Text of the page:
Buy-siders aren’t making the most of Tokyo
Japan is well on the way to becoming
a fully modern market, though not quite there yet, according to a report by
Celent’s Neil Katkov, which also highlights how foreign buy-side firms aren’t
taking the opportunity of remote membership to get direct market access to
‘How to Trade in Japan: A User's
Guide to Japan’s Capital Markets’ is a 45-page report authored by Katkov,
Celent’s senior vice president for Asia, and sponsored by NYSE Technologies.
The paper takes a comprehensive look at the trading landscape, including
regulations, technology, proprietary trading systems (PTSs), exchange-traded
funds (ETFs), clearing, tax and best execution.
Katkov points out that while the
introduction of the low-latency arrowhead platform on the Tokyo Stock Exchange
(TSE) has “made it necessary for professional buy-side traders to use advanced
trading just to trade effectively on the market,” the level of sophistication
has yet to reach that seen in Europe or the US.
“The degree of advanced technology
adoption is still rather low, particularly among the traditional buy-side. I
think there is still a lot of education or development of expertise of
expertise needed among the domestic industry in particular,” Katkov told theTRADEnews.com.
“If you look at the co-location
trading on arrowhead, it’s very high, about 40%, but most of that by domestic
firms, is execution algorithms, such as VWAP, rather than strategic trading
algos or high-frequency trading,” says Katkov.
Better best ex
Best execution is another area where
Japan is lagging, as it is not yet defined in terms of speed, but on a
consensus definition of trading on the venue with the most liquidity on that
issue, according to the report.
“There is no mandated best execution
but regulators do mandate brokers and asset managers publish their definition
of best execution. That consensus is definitely changing: people are now
talking about issues around price, VWAP and implementation shortfall,” says
There is also
growing awareness of ETFs in Japan. But they are yet to register the kinds of
volumes seen in other global markets.
“There is a
lot of interest amongst institutional traders to use ETFs for arbitrage and
other advanced strategies, but they haven’t so far lived up to their potential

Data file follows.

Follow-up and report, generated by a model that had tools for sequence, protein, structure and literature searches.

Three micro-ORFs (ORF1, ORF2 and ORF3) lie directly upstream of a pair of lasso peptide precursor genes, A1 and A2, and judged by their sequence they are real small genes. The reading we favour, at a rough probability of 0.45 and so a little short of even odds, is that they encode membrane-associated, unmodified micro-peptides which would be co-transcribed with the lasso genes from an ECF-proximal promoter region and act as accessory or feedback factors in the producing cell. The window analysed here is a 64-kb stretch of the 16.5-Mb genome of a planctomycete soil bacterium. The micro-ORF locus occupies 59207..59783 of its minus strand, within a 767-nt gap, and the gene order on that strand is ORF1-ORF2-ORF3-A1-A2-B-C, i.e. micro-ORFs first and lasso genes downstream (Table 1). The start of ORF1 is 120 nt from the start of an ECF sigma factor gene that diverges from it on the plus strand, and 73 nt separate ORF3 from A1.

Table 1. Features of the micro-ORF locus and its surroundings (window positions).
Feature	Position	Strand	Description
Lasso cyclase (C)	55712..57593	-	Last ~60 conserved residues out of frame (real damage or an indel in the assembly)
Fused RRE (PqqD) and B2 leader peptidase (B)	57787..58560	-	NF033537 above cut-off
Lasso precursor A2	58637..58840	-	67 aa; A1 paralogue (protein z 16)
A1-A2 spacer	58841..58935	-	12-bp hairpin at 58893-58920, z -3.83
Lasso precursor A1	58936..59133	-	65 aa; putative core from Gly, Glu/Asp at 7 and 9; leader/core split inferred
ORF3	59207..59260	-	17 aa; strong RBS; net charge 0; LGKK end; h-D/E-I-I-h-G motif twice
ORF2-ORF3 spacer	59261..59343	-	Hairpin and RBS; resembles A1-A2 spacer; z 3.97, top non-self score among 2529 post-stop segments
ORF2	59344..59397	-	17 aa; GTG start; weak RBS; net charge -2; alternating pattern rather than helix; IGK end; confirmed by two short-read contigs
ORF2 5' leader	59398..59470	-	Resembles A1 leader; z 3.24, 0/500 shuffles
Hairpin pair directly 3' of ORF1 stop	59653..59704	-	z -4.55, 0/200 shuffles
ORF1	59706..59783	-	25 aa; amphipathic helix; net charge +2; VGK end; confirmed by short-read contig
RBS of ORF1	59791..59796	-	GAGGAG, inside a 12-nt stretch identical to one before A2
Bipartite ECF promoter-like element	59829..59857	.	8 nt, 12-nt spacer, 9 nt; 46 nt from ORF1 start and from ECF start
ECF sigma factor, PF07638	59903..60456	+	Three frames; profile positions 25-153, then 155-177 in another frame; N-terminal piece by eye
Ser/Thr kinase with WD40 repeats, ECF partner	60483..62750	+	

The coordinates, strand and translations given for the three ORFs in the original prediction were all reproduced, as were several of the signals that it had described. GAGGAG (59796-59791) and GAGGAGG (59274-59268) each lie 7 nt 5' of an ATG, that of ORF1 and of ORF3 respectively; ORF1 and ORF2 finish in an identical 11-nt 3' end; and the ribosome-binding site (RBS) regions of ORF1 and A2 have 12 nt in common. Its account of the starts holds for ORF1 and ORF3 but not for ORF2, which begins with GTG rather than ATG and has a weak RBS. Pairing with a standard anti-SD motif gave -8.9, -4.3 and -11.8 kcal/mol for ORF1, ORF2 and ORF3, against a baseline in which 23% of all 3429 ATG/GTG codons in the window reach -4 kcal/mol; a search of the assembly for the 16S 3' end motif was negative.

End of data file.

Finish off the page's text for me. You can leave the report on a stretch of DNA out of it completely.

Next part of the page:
for growth,” suggests Katkov.
In a country somewhat infamous for
its bureaucracy and inter-ministry rivalry, it’s little surprise that its
capital markets face a fractured regulatory environment controlled by a number
of different entities.
“Market participants are pretty
united in the belief there should be, at the minimum, coordinated regulation by
the trade ministries that oversees the different equity, FX and financial
derivatives markets; and even better, putting all the products under one
regulator, probably the FSA [Financial Services Agency],” says Katkov.
Since the Financial Instruments and
Exchange Law was enacted in 2008, remote trading membership for the TSE, or
other venues, has been possible for overseas buy-side or securities firms.
However, according to Katkov, since then there has been only one registered
remote participant on any of Japan’s exchanges.
Given that remote
membership is the only true DMA (direct market access) available for Japanese
exchanges – Japan-domiciled buy-sides must still trade through brokers – more
firms could have been expected to take advantage of this.
“The threat of taxation is one of the
barriers. If you are taxed as a resident corporation, the rate could be 40% or
even 50%. However, the Tax Agency has stated, at the request of the FSA, that
they don’t intend to classify overseas traders as Japanese corporations,”
explains Katkov. “Still, the take up is very low. It’s reminiscent in a way of
when PTSs started, in the sense that they were enabled in 1998, the first one
didn’t go live until 2000, and never got significant volumes until last July.”
The report also looks at a recent
trend amongst Japanese hedge funds which had set up in Singapore, due to an
advantageous tax and regulatory environment, now relocating back home.
“For hedge funds, one of the main
reasons to be on the ground is access to funding. You’re not going to easily
get Japanese funds without being here to wine and dine people and demonstrating
that you have capabilities here,” suggests Katkov.
Japanese markets have been suffering
for years from falling volumes and prices, partly due to a lack of retail
investor participation; something Katkov believes needs to be addressed in
order to inject some vitality.
“The first target should be helping
the smaller domestic firms succeed in the new arrowhead environment, which
could take the form of education from the JSDA (Japan Securities Dealers
Association),” says Katkov. “Many of them don’t really know how to do